01 September 2021

Kiki Kogelnik: "The Cyborgs Are Irreverent"

"The Cyborgs are irreverent." - Donna Harraway, The Cyborg Manifesto, 1985.

"Art comes from artificial." - Kiki Kogelnik

Kogelnik's figures are often bent, broken, or damaged in some way but not Superwoman.

It is an oversight  that smacks of injustice as well as forgetfulness that Kiki Kogelnik is not better known in North America.  Although Kogelnik was born in Bleiburg, Austria and studied art the Academy of Fine Arts in Vienna, after a visit to New York City in 1961, she determined to move there, settling in downtown Manhattan, two blocks from the Chelsea Hotel, a favorite haunt of writers and artists.   She could not but compare the lively and vivid art world of New York with te drabness of post-War Europe. The middle child and only girl of an accountant and a teacher, Kogelnik's given name was Sigrid but her older brother Herwig nicknamed her and it stuck. 

Downtwn Manhattan was home to emerging Pop artists Jasper Johns, Roy Lichtenstein, Claes Oldenberg, and Larry Rivers; as a European Kogelnik was more skeptical of  mechanization's impact on culture. Yet the idea of cyborgs, beings both organic and biomechanic hovers around many of Kogelnik's works, rendering them sui generis.  In Americans' infatuation with space exploration she perceived an adolescent phallic fixation and with all things commercial. "I'm not involved with Coca Cola.

Her big, bright canvases were made at a time when Kogelnik was also tracing human figures on paper and then transferring the cutouts to colored vinyl.  Her yellow Robert Rauschenberg, for example, was exhibited on a gallery wall neatly folded on a metal hanger. She re-purposed the Pop Art vocabulary throughout her career. Kogelnik reasoned that identity is constructed from fragments through her experience of a female body in a world of images in the fashion press, leading for her to the question and meaning of masks, returning at last to an original fragmented identity. 

Kogelnik made her first ceramic pieces in 1974 at the urging of Renate Fuhry, a potter she knew in Vienna. With her initial training in applied arts, Kogelnik had no prejudice against ceramics, a common view at that time. Although she never learned to turn pottery on the wheel, she  put stencils to use in making slab ceramics, a technique by which the potter uses a rolling pin to flatten a mound of clay - hence the term slab pottery. Using a knife to cut around her stenciled shapes, Kogelnik would coat them with a variety of colorful glazes. the resulting pieces are more like masks than portraits.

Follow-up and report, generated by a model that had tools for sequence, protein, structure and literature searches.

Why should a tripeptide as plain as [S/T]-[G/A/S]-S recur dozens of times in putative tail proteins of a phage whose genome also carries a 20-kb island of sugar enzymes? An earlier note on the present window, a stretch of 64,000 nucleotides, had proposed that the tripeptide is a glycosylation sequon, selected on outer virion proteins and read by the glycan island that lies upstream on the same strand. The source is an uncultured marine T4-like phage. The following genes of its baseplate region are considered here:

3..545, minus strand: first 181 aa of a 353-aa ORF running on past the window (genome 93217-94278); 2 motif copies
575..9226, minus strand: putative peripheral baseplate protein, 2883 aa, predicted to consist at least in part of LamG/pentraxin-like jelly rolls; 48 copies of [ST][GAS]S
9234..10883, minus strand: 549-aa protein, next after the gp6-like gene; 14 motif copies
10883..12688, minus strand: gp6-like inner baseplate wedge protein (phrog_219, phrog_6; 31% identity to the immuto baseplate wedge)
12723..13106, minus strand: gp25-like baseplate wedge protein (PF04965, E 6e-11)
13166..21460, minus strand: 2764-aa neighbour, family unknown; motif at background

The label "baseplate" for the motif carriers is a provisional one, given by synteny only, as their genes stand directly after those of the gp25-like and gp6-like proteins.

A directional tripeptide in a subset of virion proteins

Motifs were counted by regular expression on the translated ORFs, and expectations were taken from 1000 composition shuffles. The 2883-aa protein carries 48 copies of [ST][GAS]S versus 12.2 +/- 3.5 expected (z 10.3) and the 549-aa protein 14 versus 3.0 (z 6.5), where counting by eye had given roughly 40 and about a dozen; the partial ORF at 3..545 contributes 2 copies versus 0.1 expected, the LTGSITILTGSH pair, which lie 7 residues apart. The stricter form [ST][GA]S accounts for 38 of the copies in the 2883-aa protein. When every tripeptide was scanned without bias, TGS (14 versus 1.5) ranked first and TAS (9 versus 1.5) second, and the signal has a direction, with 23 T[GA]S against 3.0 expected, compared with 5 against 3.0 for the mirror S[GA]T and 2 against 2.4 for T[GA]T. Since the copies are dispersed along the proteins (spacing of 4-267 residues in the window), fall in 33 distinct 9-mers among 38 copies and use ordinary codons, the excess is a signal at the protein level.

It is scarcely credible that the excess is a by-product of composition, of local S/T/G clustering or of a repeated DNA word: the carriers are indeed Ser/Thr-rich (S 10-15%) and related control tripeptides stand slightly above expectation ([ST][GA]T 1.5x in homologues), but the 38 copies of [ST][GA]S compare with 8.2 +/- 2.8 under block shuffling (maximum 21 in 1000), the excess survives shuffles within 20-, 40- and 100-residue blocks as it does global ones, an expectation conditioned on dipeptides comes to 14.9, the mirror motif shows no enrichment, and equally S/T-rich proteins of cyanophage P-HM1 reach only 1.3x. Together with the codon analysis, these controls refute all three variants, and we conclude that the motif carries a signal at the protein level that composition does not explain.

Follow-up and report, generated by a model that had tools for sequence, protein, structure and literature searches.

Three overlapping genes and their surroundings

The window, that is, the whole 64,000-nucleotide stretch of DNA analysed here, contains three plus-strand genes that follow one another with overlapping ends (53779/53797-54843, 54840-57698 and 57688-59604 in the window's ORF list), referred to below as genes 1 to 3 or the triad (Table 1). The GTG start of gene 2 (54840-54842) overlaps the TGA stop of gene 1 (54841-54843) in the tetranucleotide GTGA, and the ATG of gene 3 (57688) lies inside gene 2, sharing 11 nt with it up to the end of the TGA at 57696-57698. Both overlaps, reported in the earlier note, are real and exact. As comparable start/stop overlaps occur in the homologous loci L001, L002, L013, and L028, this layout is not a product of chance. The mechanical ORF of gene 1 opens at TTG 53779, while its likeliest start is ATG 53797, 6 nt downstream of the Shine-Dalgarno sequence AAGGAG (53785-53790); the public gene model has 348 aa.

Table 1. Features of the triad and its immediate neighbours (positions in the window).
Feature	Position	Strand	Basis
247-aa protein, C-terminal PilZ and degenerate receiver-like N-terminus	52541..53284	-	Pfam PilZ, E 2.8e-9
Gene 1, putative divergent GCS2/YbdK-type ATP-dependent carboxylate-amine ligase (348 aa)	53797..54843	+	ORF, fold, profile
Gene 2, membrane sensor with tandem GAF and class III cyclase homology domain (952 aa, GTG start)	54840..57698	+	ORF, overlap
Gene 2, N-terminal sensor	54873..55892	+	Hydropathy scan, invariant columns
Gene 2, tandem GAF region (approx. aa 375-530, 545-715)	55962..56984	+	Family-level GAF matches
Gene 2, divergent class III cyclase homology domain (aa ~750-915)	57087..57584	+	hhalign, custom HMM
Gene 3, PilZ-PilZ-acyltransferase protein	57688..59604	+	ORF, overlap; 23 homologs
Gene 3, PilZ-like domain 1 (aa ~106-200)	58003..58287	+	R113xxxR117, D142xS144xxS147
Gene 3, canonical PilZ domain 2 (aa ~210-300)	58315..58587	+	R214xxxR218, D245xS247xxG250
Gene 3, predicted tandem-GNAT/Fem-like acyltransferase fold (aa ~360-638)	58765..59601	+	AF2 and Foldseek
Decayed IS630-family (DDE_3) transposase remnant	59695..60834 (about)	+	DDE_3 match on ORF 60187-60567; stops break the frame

A few thoughts on cyborgs and Donna Harraway: The term cyborg originated in science fiction as  a paradigm for the confusion of boundaries between the organic and the mechanical.  It has been used in the domain of science for storytelling rather than with the usual claims of rigor and objectivity.

Visit Kiki Kogelnik Foundation, New York & Los Angeles.

1. Kiki Kogelnik - Superwoman, 1973, oil and acrylic on canvas, national museum of Women in the Arts, Washington, DC.
2. - 3. - 4. - Kiki Kogelnik - slab ceramic pieces, photographs courtesy of Mostyn Galley, Llandono, Wales.


Rouchswalwe said...

This is a fun post! I'm currently reading the book about the Monk and the Robot entitled, "A Psalm for the Wild-Built" ... it's quite interesting so far and I think these works of art would make excellent cover illustrations!

Jane said...

Rouchswalwe, the book sounds good. You had said you were going to write about the books you read during the lockdown. Looking forward to that.
If Kiki Kogelnik had moved to Paris instead of to New York, the French would have claimed her. They make much of the fact that the American painter Joan Mitchell lived in France for several tears.

Rouchswalwe said...

Ach! Yes, thank you for the reminder, Jane! I'll have more time in a few weeks when things here settle down. I've got the list ready, I simply need to add the comments.
Oui! The French know quality when they see/experience it, so I have no doubt they'd have claimed Kiki Kogelnik.

Jane said...

Rouchswalwe, when I have tried recently to make comments on your website they don't appear. Has something changed on your settings?